19
2020

University of Pittsburgh Joins New DOE Cybersecurity Manufacturing Innovation Institute

Electrical & Computer, Industrial, MEMS, Nuclear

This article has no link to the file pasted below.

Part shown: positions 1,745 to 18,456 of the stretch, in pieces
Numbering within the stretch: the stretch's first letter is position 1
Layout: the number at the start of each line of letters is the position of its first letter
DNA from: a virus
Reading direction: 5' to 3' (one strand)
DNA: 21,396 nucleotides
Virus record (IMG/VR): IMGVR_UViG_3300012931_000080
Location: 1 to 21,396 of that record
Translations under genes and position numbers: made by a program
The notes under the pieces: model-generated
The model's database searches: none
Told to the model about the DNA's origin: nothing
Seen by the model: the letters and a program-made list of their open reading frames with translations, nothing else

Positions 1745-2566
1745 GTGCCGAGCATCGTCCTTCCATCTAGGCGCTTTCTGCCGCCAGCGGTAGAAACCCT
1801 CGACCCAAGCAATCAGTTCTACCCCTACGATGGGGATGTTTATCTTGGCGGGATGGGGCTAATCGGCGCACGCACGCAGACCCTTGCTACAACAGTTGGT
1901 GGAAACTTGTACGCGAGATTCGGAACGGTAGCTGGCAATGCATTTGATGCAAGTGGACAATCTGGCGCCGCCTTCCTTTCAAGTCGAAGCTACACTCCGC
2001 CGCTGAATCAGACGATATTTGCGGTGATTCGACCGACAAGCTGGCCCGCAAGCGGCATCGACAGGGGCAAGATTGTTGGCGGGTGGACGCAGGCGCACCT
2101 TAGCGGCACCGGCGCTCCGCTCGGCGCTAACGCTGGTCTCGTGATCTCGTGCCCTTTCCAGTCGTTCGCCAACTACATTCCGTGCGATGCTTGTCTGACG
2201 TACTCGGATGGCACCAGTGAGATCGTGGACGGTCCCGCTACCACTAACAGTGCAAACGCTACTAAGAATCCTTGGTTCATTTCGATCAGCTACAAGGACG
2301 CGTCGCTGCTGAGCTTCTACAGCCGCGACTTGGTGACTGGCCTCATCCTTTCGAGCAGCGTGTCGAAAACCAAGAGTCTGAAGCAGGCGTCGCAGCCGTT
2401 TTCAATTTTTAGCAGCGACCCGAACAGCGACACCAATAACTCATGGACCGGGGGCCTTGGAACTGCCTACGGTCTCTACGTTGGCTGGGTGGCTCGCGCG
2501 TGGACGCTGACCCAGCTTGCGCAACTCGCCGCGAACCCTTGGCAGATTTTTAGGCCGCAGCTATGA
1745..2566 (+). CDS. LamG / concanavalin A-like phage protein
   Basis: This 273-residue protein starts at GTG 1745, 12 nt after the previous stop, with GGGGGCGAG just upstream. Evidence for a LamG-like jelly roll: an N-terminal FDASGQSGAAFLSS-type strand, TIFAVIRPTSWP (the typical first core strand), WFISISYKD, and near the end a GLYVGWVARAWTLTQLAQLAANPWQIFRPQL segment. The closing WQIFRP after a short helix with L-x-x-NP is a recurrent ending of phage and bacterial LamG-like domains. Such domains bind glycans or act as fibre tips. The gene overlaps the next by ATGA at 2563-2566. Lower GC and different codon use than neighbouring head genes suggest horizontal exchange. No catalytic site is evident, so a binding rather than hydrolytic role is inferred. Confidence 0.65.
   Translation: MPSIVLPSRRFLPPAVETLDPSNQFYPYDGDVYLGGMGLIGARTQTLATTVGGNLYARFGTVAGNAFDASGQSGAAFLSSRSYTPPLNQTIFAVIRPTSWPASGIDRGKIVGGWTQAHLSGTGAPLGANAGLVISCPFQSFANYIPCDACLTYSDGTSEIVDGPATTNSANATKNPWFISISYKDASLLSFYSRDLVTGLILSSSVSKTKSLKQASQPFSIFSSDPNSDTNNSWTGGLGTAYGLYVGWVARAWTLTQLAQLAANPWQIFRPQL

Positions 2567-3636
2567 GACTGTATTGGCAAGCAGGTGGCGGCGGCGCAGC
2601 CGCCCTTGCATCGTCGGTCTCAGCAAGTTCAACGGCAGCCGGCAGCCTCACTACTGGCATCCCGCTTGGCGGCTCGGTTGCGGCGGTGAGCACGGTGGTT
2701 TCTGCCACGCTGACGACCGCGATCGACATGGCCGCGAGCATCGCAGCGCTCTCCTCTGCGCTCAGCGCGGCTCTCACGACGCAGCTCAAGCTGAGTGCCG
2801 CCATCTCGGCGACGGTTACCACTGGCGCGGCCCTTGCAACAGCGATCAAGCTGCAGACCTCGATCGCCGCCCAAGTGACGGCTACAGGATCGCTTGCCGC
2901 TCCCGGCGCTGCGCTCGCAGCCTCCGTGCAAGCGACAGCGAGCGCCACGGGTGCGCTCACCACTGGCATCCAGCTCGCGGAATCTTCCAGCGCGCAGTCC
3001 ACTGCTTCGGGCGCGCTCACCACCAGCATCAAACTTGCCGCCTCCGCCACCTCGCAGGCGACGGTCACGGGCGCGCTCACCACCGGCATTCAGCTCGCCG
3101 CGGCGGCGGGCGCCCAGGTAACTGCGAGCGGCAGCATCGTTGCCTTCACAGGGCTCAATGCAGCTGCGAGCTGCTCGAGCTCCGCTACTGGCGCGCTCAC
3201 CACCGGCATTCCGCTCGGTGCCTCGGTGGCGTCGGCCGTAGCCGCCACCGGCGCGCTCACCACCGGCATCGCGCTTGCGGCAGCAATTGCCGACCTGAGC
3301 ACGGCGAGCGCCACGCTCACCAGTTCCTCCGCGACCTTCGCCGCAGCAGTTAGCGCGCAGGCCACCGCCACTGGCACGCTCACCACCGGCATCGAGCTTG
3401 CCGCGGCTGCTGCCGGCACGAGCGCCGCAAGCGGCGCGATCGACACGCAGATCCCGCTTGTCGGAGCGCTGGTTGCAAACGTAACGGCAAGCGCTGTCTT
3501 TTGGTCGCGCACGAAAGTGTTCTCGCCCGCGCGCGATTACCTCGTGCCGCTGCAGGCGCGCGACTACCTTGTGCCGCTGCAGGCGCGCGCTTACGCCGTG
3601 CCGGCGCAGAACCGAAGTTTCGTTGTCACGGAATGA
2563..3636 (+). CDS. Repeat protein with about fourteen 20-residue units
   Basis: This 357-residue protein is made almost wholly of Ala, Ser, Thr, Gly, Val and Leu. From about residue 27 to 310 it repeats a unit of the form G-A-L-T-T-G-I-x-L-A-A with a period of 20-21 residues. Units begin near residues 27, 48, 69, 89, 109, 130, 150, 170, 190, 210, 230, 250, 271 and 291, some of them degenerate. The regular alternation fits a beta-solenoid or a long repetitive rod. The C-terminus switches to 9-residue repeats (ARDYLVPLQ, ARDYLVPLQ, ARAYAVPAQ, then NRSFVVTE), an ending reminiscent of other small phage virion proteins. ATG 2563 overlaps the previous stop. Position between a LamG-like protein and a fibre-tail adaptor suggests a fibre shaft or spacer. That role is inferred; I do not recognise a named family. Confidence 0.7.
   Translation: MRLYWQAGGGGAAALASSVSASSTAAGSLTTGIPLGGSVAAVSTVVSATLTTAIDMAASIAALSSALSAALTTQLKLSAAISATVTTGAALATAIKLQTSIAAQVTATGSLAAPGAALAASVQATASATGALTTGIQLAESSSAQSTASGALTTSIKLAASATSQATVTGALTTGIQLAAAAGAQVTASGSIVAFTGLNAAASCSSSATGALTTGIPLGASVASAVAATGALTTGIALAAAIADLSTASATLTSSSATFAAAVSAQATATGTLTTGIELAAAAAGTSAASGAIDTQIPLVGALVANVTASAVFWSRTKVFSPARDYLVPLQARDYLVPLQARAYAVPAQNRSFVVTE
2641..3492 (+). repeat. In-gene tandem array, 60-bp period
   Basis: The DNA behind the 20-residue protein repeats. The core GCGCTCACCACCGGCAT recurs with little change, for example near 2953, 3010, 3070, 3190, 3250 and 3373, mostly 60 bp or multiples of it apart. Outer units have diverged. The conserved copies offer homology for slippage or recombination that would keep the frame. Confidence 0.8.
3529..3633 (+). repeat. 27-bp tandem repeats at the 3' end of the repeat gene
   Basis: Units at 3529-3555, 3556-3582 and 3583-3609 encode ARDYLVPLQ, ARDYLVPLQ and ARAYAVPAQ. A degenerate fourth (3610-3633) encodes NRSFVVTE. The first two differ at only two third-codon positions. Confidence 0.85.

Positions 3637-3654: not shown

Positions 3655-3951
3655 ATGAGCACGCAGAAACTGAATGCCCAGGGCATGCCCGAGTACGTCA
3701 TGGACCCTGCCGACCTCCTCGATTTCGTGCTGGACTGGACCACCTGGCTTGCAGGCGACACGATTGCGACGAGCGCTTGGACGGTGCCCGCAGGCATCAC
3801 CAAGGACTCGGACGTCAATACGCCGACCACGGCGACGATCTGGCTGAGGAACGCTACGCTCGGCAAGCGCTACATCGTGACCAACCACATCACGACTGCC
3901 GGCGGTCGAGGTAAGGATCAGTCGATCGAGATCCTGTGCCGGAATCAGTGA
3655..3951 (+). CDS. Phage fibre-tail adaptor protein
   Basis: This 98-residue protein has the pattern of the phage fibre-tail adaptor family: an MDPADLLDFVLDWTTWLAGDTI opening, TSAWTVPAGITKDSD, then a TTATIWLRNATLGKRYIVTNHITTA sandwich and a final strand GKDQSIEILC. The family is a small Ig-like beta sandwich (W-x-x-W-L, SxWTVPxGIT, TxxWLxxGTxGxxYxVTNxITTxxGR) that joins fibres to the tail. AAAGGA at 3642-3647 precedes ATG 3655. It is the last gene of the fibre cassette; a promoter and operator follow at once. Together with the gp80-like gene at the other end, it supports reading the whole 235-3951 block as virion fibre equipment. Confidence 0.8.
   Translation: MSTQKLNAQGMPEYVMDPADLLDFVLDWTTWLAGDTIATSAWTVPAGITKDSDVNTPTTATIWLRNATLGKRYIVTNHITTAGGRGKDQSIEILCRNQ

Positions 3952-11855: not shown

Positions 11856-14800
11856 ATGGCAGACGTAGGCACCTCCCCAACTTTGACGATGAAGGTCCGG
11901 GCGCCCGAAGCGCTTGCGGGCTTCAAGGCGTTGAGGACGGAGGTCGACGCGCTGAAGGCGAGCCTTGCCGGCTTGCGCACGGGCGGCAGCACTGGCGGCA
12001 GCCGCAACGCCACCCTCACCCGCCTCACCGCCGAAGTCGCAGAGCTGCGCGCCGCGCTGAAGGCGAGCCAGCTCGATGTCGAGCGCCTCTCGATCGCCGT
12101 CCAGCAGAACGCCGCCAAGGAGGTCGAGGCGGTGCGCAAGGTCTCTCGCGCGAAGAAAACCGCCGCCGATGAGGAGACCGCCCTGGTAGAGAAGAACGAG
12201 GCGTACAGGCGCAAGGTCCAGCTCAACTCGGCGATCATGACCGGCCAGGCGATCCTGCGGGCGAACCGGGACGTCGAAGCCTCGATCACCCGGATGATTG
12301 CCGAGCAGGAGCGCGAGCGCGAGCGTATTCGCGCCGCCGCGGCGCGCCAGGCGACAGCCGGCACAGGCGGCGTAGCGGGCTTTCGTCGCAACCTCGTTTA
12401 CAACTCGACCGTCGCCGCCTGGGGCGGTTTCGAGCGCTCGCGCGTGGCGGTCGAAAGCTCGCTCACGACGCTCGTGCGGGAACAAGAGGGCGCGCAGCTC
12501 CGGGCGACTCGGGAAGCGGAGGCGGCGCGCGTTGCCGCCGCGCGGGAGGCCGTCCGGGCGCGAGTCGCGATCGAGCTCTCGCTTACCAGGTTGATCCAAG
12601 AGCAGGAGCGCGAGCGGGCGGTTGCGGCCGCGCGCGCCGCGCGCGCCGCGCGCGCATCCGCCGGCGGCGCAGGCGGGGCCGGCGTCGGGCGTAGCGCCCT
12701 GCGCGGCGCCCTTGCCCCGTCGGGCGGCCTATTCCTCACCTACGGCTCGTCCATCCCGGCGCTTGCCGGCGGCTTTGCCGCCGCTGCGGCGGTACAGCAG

SAN ANTONIO, TX (November 19, 2020) ... The University of Texas at San Antonio (UTSA) today formally launched the Cybersecurity Manufacturing Innovation Institute (CyManII), a $111 million public-private partnership. Led by UTSA, the university will enter into a five-year cooperative agreement with the U.S. Department of Energy (DOE) to lead a consortium of 59 proposed member institutions in introducing a cybersecure energy-ROI that drives American manufacturers and supply chains to further adopt secure, energy-efficient approaches, ultimately securing and sustaining the nation’s leadership in global manufacturing competitiveness.U.S. manufacturers are one of the top targets for cyber criminals and nation-state adversaries, impacting the production of energy technologies such as electric vehicles, solar panels and wind turbines. Integration across the supply chain network and an increased use of automation applied in manufacturing processes can make industrial infrastructures vulnerable to cyber-attacks. To protect American manufacturing jobs and workers, CyManII will transform U.S. advanced manufacturing and make manufacturers more energy efficient, resilient and globally competitive against our nation’s adversaries.“The University of Pittsburgh is proud to be among the inaugural member institutions of this national effort to develop cyber security and energy research to benefit U.S. manufacturing expertise,” noted Rob A. Rutenbar,Senior Vice Chancellor for Research at Pitt. “Both our Swanson School of Engineering and School of Computing and Information at the forefront of innovations in advanced manufacturing, cyber infrastructure and security, sustainable energy, materials science and supply chain management. Our faculty are looking forward to participating in this groundbreaking institute.”“The exploitation of advanced materials and computing can provide us with a more holistic approach to secure the nation’s manufacturing infrastructure, from communication networks and assembly lines to intricate computer code and distribution systems,” added Daniel Cole, Associate Professor of Mechanical Engineering and Materials Science and co-director of the Swanson School’s Hacking for Defense program. “Just as our personal computers and cell phones are vulnerable to cyber-attacks, so too is our complex manufacturing industry. But thanks to this national effort through CyManII, we will not only be able to develop defenses but also create more sustainable and energy efficient technologies for industry.”“I am excited for the potential collaborations between our faculty and the innovations they will develop,” said David Vorp, Associate Dean for Research at the Swanson School. “We already have a healthy collaboration with faculty in the School of Computing and Information, and sustainability informs our research, academics, and operations. CyManII presents a new opportunity for us to engage in transformative, trans-disciplinary research.”As part of its national strategy, CyManII will focus on three high priority areas where collaborative research and development can help U.S. manufacturers: securing automation, securing the supply chain network, and building a national program for education and workforce development. “As U.S. manufacturers increasingly deploy automation tools in their daily work, those technologies must be embedded with powerful cybersecurity protections,” said Howard Grimes, CyManII Chief Executive Officer and UTSA Associate Vice President and Associate Vice Provost for Institutional Initiatives. “UTSA has assembled a team of best-in-class national laboratories, industry, nonprofit and academic organizations to cybersecure the U.S. manufacturing enterprise. Together, we will share the mission to protect the nation’s supply chain, preserve its critical infrastructure and boost its economy.”CyManII’s research objectives will focus on understanding the evolving cybersecurity threats to greater energy efficiency in manufacturing industries, developing new cybersecurity technologies and methods, and sharing information and knowledge with the broader community of U.S. manufacturers.CyManII aims to revolutionize cybersecurity in manufacturing by designing and building a secure manufacturing architecture that is pervasive, unobtrusive and enables energy efficiency. Grimes says this industry-driven approach is essential, allowing manufacturers of all sizes to invest in cybersecurity and achieve an energy ROI rather than continually spending money on cyber patches.These efforts will result in a suite of methods, standards and tools rooted in the concept that everything in the manufacturing supply chain has a unique authentic identity. These solutions will address the comprehensive landscape of complex vulnerabilities and be economically implemented in a wide array of machines and environments.“CyManII leverages the unique research capabilities of the Idaho, Oak Ridge and Sandia National Laboratories as well as critical expertise across our partner cyber manufacturing ecosystem,” said UTSA President Taylor Eighmy. “UTSA is proud and honored to partner with the DOE to advance cybersecurity in energy-efficient manufacturing for the nation.”CyManII has 59 proposed members including three Department of Energy National Laboratories (Idaho National Laboratory, Oak Ridge National Laboratory, and Sandia National Laboratories), four Manufacturing Innovation Institutes, 24 powerhouse universities, 18 industry leaders, and 10 nonprofits. This national network of members will drive impact across the nation and solve the biggest challenges facing cybersecurity in the U.S manufacturing industry.CyManII is funded by the Office of Energy Efficiency and Renewable Energy’s Advanced Manufacturing Office (AMO) and co-managed with the Office of Cybersecurity, Energy Security, and Emergency Response (CESER). ------ Learn more about the Cybersecurity Manufacturing Innovation Institute.